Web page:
The Sixers are not about to let Embiid go, they have their young core they believe they can contend with in a few years. Plus he is a fan favorite. The only question left is cost.
Josh Jackson is not going Bo Jackson on us and playing baseball in the offseason.
The highly-rated forward out of Kansas who was the No. 4 pick of the Phoenix Suns was invited to throw out the first pitch before Friday night’s Diamondbacks game.
To quote Bob Uecker, he was just a bit outside. He tried the corner and missed.
Lonzo Ball was able to make his first pitch, ergo, he will turn out to be a much better NBA player. Obviously, these skills correlate.
This is a Mark Cuban owned team, you don’t think the Mavericks are going to make a serious run at a free agent come July 1? Pelicans’ point guard Jrue Holiday has long been known to be a target, but there will be others.
But keeping their new core together, including restricted free agent Nerlens Noel, is the top priority, reports Marc Stein of ESPN.
Rumors like this are out there in part from Dallas to hope to chill the market for Noel. While he could be a defensive force who provides some scoring around the rim, with Noel’s injury history they may be able to get him at less than max money — because if he’s at the max the Mavericks are flirting with the luxury tax (and Cuban isn’t going to want to pay the tax for a borderline playoff team at best).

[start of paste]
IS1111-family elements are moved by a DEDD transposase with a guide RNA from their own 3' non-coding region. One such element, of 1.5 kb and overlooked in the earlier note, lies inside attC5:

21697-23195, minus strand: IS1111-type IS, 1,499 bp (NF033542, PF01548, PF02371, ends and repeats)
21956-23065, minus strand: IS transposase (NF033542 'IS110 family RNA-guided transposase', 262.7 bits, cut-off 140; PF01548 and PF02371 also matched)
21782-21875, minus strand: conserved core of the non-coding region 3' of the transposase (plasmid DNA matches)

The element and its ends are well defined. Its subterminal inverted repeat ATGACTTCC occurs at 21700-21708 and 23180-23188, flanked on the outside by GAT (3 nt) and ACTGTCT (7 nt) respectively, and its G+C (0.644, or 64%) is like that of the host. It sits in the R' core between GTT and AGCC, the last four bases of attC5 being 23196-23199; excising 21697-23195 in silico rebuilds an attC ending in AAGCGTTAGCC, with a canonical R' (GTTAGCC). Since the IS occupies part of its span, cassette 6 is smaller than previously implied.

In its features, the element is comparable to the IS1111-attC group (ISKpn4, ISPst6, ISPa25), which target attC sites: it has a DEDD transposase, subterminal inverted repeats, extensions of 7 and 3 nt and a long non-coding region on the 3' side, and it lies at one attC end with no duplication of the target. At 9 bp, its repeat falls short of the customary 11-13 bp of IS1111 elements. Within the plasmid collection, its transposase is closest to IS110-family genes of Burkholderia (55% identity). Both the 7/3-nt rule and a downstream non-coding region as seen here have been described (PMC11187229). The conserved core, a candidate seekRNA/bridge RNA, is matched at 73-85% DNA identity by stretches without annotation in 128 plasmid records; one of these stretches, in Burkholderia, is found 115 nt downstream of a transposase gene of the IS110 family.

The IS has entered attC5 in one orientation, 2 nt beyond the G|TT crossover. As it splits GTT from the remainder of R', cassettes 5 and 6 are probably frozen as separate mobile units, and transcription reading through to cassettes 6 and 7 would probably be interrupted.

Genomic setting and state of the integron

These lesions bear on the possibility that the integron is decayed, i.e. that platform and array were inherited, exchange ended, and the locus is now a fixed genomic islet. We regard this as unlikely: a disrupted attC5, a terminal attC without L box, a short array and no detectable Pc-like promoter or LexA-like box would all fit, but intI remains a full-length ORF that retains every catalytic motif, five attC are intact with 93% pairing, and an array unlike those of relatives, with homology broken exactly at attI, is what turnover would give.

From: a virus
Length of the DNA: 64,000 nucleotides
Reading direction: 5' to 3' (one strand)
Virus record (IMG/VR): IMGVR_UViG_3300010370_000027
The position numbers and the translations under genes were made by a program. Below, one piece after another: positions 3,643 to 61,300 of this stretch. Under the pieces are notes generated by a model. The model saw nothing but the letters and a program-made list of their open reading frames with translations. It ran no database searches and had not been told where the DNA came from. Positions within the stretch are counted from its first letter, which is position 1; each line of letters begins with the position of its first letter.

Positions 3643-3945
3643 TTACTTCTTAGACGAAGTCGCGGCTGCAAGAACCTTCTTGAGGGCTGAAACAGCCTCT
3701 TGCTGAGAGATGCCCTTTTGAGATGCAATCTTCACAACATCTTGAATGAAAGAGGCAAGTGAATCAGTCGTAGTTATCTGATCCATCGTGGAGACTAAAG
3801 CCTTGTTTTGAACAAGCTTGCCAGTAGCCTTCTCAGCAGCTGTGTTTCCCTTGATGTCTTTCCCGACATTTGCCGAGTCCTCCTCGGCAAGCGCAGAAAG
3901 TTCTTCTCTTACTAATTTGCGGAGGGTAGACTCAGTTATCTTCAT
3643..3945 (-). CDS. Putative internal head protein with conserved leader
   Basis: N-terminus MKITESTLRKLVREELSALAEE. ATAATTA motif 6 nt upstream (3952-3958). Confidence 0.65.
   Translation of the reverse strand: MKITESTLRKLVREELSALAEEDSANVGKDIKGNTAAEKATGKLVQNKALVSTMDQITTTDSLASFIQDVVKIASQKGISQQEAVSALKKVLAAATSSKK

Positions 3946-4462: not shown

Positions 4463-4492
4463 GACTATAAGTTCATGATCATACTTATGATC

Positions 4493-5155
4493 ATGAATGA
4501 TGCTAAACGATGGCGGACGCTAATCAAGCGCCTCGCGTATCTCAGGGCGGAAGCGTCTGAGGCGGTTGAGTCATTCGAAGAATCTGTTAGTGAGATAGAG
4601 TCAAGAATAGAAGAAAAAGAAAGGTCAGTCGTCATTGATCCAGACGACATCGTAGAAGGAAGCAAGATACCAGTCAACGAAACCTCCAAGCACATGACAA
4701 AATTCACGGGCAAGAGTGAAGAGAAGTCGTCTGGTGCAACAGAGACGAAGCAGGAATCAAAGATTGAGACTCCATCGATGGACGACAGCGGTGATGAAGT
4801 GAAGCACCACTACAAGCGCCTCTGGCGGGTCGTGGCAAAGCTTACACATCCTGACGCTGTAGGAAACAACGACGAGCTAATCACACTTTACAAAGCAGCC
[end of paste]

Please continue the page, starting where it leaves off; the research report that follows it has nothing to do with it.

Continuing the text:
What Dallas fears is what Brooklyn did last season to Allen Crabbe in Portland and Tyler Johnson in Miami — some team to come in with a max or near-max offer sheet that drives up the price. Dallas will match, they will keep the young core together, it just gets more expensive.
Next season in Dallas will be a deserved big farewell to Dirk Nowitzki. He will be the focus, but behind him Dallas will try to be building for the future. They made the trade deadline move to make sure Noel is a part of that, the only question now is how much it costs them.